- Branch out to mobile giving. If your organization hasn’t already jumped on the mobile giving bandwagon, then you should! Text donations and mobile-friendly donation forms are convenient and can be promoted in multiple situations. Plus, donors have the option to give whenever and wherever they want.
- Use donation amount buttons. With preset amounts in your donation forms, donors can click on the amount they want to give and save time. You can also place these buttons in emails so donors are directed to your donation form to make giving even easier for supporters.
- Consider passwordless login. Having donors create an account has its pros and cons. Once a donor has an account, they won’t have to enter payment information every time they give. However, creating and remembering a secure password can be inconvenient. Passwordless options can save the donor time and keep their information secure.
Last, but certainly not least, get your supporters’ feedback. Ask them how you can improve the donation experience. Not only will this provide insight into ways you can make your donation forms better, but it will also show donors that you value their opinions.
Many nonprofits create membership programs to incentivize donors to contribute and engage with your organization. Essentially, these programs provide members with various perks in return for a monthly or annual fee.
Membership programs are a means of building relationships with donors and staying connected to them on a regular basis.
In addition to planning your membership structure, determining membership fees, and figuring out the benefits, your organization will also need to establish how you’ll manage your program.
This entails determining how you’re going to:
- Reach out to supporters.
- Promote your program.
- Collect membership fees.
- Remind donors about renewing their membership.
With nonprofit software, you’ll be able to manage all these aspects of your membership program.
For instance, your nonprofit can build an online donation form specifically for accepting membership fees. The information that you collect from donors can be transferred to your donor database where you can keep a detailed record of all your members and create a segmented list for outreach.
Additionally, you can use nonprofit marketing software to send out automated emails with updates on fundraising projects, discounts and perks that are available to members, and reminders to renew their membership.
As a result, having nonprofit software that integrates with each other is crucial because it will allow you to use your membership data across all your tools to make your program run smoothly.
The last way nonprofit technology can improve your donor stewardship is by simplifying your acknowledgement process.
A huge step in retaining donors is showing your appreciation. Whether a donor has contributed for the first time or the tenth time, your organization needs to show donors that you value their support (not just their donations).
The key to a successful follow-up strategy involves three important points:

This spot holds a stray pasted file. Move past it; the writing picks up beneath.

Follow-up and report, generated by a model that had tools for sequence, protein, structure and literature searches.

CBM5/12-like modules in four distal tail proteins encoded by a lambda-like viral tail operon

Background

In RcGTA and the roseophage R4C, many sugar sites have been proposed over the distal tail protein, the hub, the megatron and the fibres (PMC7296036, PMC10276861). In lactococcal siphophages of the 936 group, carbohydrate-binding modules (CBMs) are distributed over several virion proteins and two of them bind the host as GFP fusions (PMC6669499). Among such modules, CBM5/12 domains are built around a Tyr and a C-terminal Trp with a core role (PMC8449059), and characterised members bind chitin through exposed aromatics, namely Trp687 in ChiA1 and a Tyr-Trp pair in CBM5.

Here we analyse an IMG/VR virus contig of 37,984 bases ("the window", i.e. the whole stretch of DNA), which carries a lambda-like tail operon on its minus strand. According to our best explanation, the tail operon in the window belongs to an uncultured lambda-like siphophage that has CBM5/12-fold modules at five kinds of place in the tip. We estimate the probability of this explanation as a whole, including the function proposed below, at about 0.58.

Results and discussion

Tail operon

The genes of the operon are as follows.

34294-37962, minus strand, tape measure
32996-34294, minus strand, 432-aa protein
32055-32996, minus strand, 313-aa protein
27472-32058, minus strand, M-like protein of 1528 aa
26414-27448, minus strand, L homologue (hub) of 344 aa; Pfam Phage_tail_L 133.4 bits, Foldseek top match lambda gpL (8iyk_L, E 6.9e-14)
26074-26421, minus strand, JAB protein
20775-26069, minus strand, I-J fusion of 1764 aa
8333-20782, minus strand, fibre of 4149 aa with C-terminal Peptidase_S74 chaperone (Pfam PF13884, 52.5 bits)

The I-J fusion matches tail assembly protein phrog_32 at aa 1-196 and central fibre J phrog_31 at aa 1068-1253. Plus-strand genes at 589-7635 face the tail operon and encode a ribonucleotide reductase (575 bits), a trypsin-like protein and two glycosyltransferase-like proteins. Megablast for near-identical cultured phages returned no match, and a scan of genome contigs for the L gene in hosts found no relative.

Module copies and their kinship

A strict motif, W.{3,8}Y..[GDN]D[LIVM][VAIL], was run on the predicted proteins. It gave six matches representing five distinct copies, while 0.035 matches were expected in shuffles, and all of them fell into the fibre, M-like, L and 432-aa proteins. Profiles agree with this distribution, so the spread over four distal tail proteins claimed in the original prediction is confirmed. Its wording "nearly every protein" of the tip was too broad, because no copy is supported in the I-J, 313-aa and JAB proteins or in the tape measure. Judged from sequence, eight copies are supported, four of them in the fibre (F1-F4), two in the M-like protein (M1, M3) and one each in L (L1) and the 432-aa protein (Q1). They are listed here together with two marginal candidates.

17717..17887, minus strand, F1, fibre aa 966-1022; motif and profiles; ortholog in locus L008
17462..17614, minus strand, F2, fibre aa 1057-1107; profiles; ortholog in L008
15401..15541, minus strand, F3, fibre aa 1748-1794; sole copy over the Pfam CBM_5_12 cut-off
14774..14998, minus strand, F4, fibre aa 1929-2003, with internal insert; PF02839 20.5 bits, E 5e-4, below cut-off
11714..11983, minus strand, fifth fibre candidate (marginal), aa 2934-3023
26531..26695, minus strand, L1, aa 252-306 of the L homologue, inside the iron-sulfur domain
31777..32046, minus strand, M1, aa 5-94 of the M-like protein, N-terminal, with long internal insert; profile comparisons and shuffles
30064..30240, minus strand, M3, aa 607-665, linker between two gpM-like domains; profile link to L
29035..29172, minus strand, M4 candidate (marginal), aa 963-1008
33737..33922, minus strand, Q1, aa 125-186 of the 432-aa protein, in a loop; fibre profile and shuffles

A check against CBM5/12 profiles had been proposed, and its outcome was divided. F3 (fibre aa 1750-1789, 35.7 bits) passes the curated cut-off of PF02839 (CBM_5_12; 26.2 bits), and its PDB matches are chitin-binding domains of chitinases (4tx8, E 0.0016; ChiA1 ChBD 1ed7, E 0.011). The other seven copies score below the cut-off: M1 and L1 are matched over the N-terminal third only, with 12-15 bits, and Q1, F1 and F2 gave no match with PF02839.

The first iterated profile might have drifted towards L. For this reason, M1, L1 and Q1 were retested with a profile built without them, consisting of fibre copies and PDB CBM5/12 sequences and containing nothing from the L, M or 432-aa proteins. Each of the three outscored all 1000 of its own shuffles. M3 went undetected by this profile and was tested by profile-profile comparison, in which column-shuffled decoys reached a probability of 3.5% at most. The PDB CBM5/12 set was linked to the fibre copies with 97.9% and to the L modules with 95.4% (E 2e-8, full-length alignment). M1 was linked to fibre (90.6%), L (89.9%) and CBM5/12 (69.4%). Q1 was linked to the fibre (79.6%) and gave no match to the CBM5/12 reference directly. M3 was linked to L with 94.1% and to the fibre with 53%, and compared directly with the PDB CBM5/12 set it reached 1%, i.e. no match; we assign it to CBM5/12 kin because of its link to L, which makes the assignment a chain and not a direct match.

- Timeliness. Donors should always receive a thank-you letter right after they give—whether you’re sending via email or direct mail. Sending a prompt thank you will ensure that supporters remember their donations and your organization.
- Ways to stay involved. While the cardinal rule is to never ask for another donation in your thank-you letters, that doesn’t mean you can’t suggest other ways for donors to get involved! Ask donors to follow you on social media and mention any upcoming events or volunteer opportunities you might have.
- Donor-centric focus. It can be tempting to focus the thank-you letter on all the wonderful achievements your nonprofit will make, but keep your acknowledgement focused on the donor. Show them that their contribution will make a difference and reference past support to show that you’re aware of all they’ve done for your nonprofit.
Creating a personalized thank-you letter that hits all the points we mentioned above can be a lot to manage, especially if your organization receives hundreds of donations a month.
Luckily, your nonprofit CRM is equipped with the tools to help your team perform these tasks efficiently.
Make use of your CRM’s calendar feature to track exactly when donors should receive an acknowledgment. Additionally, you can use automated email tools to send out a thank-you letter immediately after a donor gives.
Further, your team can use information—donor name, giving history, interests, etc.—from your constituent profiles to create a personalized acknowledgement that will really make your letter stand out.
Following up with supporters in a timely and personal way can have a lasting impression, which can lead to better relationships with your donors.
As you can see, nonprofit technology can help you gain deeper insights into your donors’ giving behaviors and streamline your stewardship processes. Best of all, your nonprofit doesn’t have to invest in expensive software; you can make use of the nonprofit tools you already have to build better donor relationships.